Document Detail


Efficacy of food fortification on serum 25-hydroxyvitamin D concentrations: systematic review.
MedLine Citation:
PMID:  19064512     Owner:  NLM     Status:  MEDLINE    
Abstract/OtherAbstract:
BACKGROUND: Many residents of the United States and Canada depend on dietary sources of vitamin D to help maintain vitamin D status. Because few natural food sources contain vitamin D, fortified foods may be required. OBJECTIVE: We aimed to determine the effects of vitamin D-fortified foods on serum 25-hydroxyvitamin D [25(OH)D] concentrations. DESIGN: We searched MEDLINE (1966 to June Week 3 2006), Embase, CINAHL, AMED, Biological Abstracts, and the Cochrane Central Register of Controlled Trials for randomized controlled trials (RCTs) comparing vitamin D-fortified foods with a control and reporting serum 25(OH)D concentrations. Two reviewers independently determined study eligibility, assessed trial quality, and extracted relevant data. Disagreements were resolved by consensus. Meta-analyses of absolute mean change in 25(OH)D were conducted by using a random-effects model, with evaluation of heterogeneity. RESULTS: Nine RCTs (n = 889 subjects) were included, of which 8 consistently showed a significant beneficial effect of food fortification on 25(OH)D concentrations. Although 7 RCTs (n = 585 subjects) potentially were meta-analyzable, we were unable to combine the overall results because of significant heterogeneity. The individual treatment effects ranged from 14.5 (95% CIs: 10.6, 18.4) nmol/L to 34.5 (17.64, 51.36) nmol/L (3.4-25 microg vitamin D/d). Subgroup analyses showed a reduction in heterogeneity and significant treatment effect when 4 trials that used milk as the fortified food source were combined. CONCLUSION: Most trials were small in size and inadequately reported allocation concealment, but results showed that vitamin D-fortified foods improved vitamin D status in adults.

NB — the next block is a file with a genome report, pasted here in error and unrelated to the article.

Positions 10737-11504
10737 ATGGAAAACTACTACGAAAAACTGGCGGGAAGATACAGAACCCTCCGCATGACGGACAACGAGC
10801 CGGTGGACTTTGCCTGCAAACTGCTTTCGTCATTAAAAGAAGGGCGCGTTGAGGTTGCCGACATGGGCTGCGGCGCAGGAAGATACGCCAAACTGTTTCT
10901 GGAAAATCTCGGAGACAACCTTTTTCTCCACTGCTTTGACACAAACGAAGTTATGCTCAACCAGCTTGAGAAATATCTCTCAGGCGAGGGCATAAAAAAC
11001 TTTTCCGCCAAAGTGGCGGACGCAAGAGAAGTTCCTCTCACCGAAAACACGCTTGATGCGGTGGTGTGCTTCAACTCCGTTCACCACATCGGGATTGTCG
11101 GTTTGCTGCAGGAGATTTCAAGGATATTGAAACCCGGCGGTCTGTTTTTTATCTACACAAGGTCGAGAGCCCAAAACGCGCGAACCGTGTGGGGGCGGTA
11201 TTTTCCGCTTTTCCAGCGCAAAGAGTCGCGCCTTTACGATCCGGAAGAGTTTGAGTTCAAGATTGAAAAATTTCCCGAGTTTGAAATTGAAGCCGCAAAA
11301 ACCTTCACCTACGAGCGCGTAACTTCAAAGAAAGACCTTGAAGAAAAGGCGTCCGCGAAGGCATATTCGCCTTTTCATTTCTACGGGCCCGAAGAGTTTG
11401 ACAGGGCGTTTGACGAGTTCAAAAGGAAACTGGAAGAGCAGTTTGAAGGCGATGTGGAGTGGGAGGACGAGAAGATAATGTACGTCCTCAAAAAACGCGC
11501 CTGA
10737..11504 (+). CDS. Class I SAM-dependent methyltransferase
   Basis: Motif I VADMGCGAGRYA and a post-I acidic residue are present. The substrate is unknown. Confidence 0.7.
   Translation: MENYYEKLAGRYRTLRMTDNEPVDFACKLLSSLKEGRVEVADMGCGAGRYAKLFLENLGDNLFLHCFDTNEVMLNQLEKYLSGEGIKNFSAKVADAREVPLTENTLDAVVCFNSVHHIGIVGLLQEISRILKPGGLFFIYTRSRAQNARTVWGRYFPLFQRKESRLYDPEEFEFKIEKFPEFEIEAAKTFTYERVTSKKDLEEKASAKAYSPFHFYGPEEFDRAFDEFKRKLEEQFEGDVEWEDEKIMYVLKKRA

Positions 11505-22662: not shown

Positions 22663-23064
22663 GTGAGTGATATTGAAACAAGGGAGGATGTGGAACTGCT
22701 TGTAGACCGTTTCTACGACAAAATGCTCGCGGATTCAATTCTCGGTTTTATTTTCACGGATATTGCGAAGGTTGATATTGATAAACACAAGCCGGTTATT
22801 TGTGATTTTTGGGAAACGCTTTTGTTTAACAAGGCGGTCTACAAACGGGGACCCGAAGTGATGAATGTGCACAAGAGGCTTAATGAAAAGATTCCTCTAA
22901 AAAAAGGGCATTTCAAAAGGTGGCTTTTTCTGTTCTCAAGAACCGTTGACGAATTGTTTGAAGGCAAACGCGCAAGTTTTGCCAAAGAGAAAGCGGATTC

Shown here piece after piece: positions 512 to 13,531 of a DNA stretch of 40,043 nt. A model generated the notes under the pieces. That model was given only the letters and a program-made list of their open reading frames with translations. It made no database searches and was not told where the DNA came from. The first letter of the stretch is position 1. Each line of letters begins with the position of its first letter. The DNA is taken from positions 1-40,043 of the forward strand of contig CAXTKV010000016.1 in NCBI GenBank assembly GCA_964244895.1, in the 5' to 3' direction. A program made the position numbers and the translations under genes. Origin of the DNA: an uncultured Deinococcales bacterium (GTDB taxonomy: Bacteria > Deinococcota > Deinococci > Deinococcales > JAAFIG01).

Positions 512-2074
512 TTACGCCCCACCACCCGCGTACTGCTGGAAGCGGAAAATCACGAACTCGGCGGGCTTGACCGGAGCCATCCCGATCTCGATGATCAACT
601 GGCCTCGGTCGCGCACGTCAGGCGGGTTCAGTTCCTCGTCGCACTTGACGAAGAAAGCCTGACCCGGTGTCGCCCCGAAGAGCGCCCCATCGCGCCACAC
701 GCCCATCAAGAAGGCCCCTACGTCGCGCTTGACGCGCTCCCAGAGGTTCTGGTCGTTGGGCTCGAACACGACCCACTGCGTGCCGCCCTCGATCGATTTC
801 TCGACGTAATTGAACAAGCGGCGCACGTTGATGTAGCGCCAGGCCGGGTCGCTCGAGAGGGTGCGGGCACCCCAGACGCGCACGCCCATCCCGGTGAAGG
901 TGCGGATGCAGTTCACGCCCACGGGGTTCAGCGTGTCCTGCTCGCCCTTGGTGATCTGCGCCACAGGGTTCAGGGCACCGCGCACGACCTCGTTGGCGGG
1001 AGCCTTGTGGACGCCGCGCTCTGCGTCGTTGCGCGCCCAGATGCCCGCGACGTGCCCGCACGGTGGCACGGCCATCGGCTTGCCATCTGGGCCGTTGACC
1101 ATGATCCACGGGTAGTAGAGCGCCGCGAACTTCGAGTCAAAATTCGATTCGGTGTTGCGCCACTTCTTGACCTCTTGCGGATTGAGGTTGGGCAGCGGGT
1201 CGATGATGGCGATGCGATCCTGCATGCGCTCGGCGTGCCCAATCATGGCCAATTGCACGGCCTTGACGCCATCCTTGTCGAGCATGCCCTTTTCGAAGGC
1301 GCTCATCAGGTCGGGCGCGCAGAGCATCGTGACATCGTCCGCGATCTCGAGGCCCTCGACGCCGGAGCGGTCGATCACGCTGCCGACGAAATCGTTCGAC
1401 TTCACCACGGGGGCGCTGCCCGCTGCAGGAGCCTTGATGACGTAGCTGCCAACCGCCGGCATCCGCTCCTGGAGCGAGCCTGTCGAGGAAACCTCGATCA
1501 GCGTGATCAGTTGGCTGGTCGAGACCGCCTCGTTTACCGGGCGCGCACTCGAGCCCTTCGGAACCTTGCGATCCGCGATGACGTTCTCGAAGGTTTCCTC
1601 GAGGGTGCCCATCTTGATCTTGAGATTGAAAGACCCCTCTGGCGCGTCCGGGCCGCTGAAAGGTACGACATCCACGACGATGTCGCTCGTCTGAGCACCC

Authors:
Siobhan O'Donnell; Ann Cranney; Tanya Horsley; Hope A Weiler; Stephanie A Atkinson; David A Hanley; Daylily S Ooi; Leanne Ward; Nick Barrowman; Manchun Fang; Margaret Sampson; Alexander Tsertsvadze; Fatemeh Yazdi
Publication Detail:
Type:  Journal Article; Meta-Analysis; Research Support, Non-U.S. Gov't; Research Support, U.S. Gov't, P.H.S.; Review    
Journal Detail:
Title:  The American journal of clinical nutrition     Volume:  88     ISSN:  1938-3207     ISO Abbreviation:  Am. J. Clin. Nutr.     Publication Date:  2008 Dec 
Date Detail:
Created Date:  2008-12-09     Completed Date:  2009-01-13     Revised Date:  2009-05-15    
Medline Journal Info:
Nlm Unique ID:  0376027     Medline TA:  Am J Clin Nutr     Country:  United States    
Other Details:
Languages:  eng     Pagination:  1528-34     Citation Subset:  AIM; IM    
Affiliation:
Clinical Epidemiology Program, Ottawa Health Research Institute, Ottawa, Canada.
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MeSH Terms
Descriptor/Qualifier:
Adolescent
Adult
Aged
Animals
Bone Density Conservation Agents / administration & dosage*
Female
Food, Fortified*
Humans
Male
Middle Aged
Milk / chemistry*
Nutritional Physiological Phenomena
Nutritional Status*
Randomized Controlled Trials as Topic
Treatment Outcome
Vitamin D / administration & dosage*,  analogs & derivatives*,  blood
Young Adult
Grant Support
ID/Acronym/Agency:
290-020-0021//PHS HHS
Chemical
Reg. No./Substance:
0/Bone Density Conservation Agents; 1406-16-2/Vitamin D; 64719-49-9/25-hydroxyvitamin D

From MEDLINE®/PubMed®, a database of the U.S. National Library of Medicine


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